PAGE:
2015, Hopeful to Solve the Mystery
by Gail C. Tracy
As a young girl growing up studying American history, it became apparent to me that women were rarely considered to be historically important, unless their achievements far surpassed the men around them. Amelia Earhart is one of those women. To me she is a heroine, a woman of great bravery, with a pioneering spirit that could not be vanquished. I refer to her in the present tense because her spirit is still alive.
Fortunately for her, she been not been born a decade sooner, because she would have had to live by Victorian standards. Even considering that she was born in 1897, it is an amazing fact that she began her first flying lessons in 1921. She was a woman who knew what she wanted, and apparently she wanted it passionately. She worked as a photographer, truck driver, and stenographer to save up $1,000 for her flying lessons. Imagine the inflation on that price by the standards of 2014. Using an inflation calculator, by 2014 the total is $13,297.82!
Her mother also matched her $1,000, despite her reservations. Her aviation career was heavily financed by her grandmother’s inheritance. Amelia became the 16th woman to be issued a pilot’s license (#6017) on May 15, 1923. On October 22, 1922, Earhart flew her own secondhand plane called “The Canary.” Imagine flying at the altitude of 14,000 ft., and setting the world’s record for female pilots.
By 1928, Amelia had become the first woman to fly solo across the North American continent and back. She began her first competitive air race in 1929, competing with her friend Ruth Nichols. She and her friend, Ruth, were tied for first place at the last intermediate stop when her friend hit a tractor on take-off, flipping over. Amelia never hesitated, and rushed to her friend’s assistance instead of taking off. Only after knowing her friend was ok did she take off, risking her ranking to come in 3rd place.
Amelia Mary Earhart married George P. Putnam on February 7, 1931. Amelia had very liberal views about marriage and considered her marriage a partnership of dual control. She kept her own name, and eventually her husband George (GP) accepted that he would become “Mr. Earhart.”
Amelia has a long history of long solo flights, which brings us to her second world flight with Fred Noonan, which took off on June 1, 1937. After numerous stops in South America, they landed in New Guinea on June 29, 1937. On July 2, 1937, midnight GMT, Earhart and Noonan took off from Lae, New Guinea in their plane. Their plane had lost communication on their approach to Howland Island in the Central Pacific Ocean. Amelia Earhart and Fred Noonan had disappeared.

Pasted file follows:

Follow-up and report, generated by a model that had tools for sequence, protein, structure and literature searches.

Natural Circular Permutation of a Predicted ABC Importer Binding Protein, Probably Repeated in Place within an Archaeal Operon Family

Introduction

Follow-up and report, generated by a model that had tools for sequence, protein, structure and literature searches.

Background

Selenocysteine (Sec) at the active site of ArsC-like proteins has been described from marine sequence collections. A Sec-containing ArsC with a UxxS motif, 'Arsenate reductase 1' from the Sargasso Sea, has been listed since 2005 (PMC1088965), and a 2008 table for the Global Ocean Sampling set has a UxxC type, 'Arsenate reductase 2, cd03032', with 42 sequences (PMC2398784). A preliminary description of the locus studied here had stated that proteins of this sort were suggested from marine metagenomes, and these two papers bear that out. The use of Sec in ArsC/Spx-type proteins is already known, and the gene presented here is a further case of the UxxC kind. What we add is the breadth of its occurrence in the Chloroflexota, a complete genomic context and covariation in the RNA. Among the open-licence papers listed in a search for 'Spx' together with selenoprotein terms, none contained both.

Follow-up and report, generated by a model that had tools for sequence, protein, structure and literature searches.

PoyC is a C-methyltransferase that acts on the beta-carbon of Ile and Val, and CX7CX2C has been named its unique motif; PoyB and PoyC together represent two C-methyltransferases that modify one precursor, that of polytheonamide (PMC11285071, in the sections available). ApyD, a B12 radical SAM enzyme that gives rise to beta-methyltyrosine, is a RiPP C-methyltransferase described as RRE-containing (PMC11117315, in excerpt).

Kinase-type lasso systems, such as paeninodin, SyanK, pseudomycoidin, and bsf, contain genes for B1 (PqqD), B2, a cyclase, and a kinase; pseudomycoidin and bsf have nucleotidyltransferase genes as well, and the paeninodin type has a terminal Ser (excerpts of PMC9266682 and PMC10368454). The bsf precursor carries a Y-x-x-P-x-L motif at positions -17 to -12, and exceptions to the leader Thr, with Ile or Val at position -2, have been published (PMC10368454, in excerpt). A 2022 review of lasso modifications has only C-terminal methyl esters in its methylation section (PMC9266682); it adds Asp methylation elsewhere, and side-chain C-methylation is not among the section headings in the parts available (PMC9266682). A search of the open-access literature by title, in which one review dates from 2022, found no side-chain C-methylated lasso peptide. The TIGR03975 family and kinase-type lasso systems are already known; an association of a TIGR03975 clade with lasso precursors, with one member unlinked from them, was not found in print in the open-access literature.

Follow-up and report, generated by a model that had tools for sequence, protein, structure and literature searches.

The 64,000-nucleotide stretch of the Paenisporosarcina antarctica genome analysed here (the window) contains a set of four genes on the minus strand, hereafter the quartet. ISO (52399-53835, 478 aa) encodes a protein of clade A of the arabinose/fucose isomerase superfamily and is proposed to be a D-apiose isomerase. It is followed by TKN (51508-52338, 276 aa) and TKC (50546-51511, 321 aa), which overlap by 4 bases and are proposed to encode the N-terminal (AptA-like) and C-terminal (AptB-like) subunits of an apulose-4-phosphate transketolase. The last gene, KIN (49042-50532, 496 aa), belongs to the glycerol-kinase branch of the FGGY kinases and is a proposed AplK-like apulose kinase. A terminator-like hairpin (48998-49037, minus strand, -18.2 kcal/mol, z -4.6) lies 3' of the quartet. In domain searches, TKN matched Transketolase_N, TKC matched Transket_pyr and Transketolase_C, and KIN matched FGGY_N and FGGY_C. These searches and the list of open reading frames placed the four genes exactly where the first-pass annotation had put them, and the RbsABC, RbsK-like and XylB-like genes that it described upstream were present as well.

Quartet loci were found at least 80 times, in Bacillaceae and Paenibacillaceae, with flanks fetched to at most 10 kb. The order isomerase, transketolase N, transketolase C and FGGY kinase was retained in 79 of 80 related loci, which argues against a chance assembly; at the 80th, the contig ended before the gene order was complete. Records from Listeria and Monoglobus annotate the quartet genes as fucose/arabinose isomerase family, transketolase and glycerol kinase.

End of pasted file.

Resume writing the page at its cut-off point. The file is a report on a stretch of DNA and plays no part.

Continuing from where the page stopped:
TIGHAR, is the acronym for The International Group for Historic Aircraft Recovery, a non-profit foundation dedicated to promoting responsible aviation archaeology and historic preservation. In 1991, a group of investigators with TIGHAR, while researching the disappearance of Earhart and Noonan, found a sheet of aluminum on the island of Nikumaroro in the Western Pacific.
On October 28, 2014, the Earhart Project Research Bulletin was released with compelling evidence. The sheet of aluminum found on Nikumaroro proves to be a patch that was made over a window before her final take-off from Miami. Using a restored plane (almost identical to Amelia’s plane) for their involved research, they have proven that this piece of aluminum is like a fingerprint to the plane.
I have eagerly digested every fact that has been presented by TIGHAR, and I am thoroughly convinced that Amelia and Fred disappeared on that island. Using sonar data taken in 2012 at the base of the cliff of Nikumororo, there has been a shape identified on the ocean floor which could be a plane. Investigators plan to return to the island in June, 2015.
I am very hopeful that 2015 will bring an amazing discovery equaling that of the raising of the Titanic. Amelia Mary Earhart, what an inspiring 20th century woman you are!
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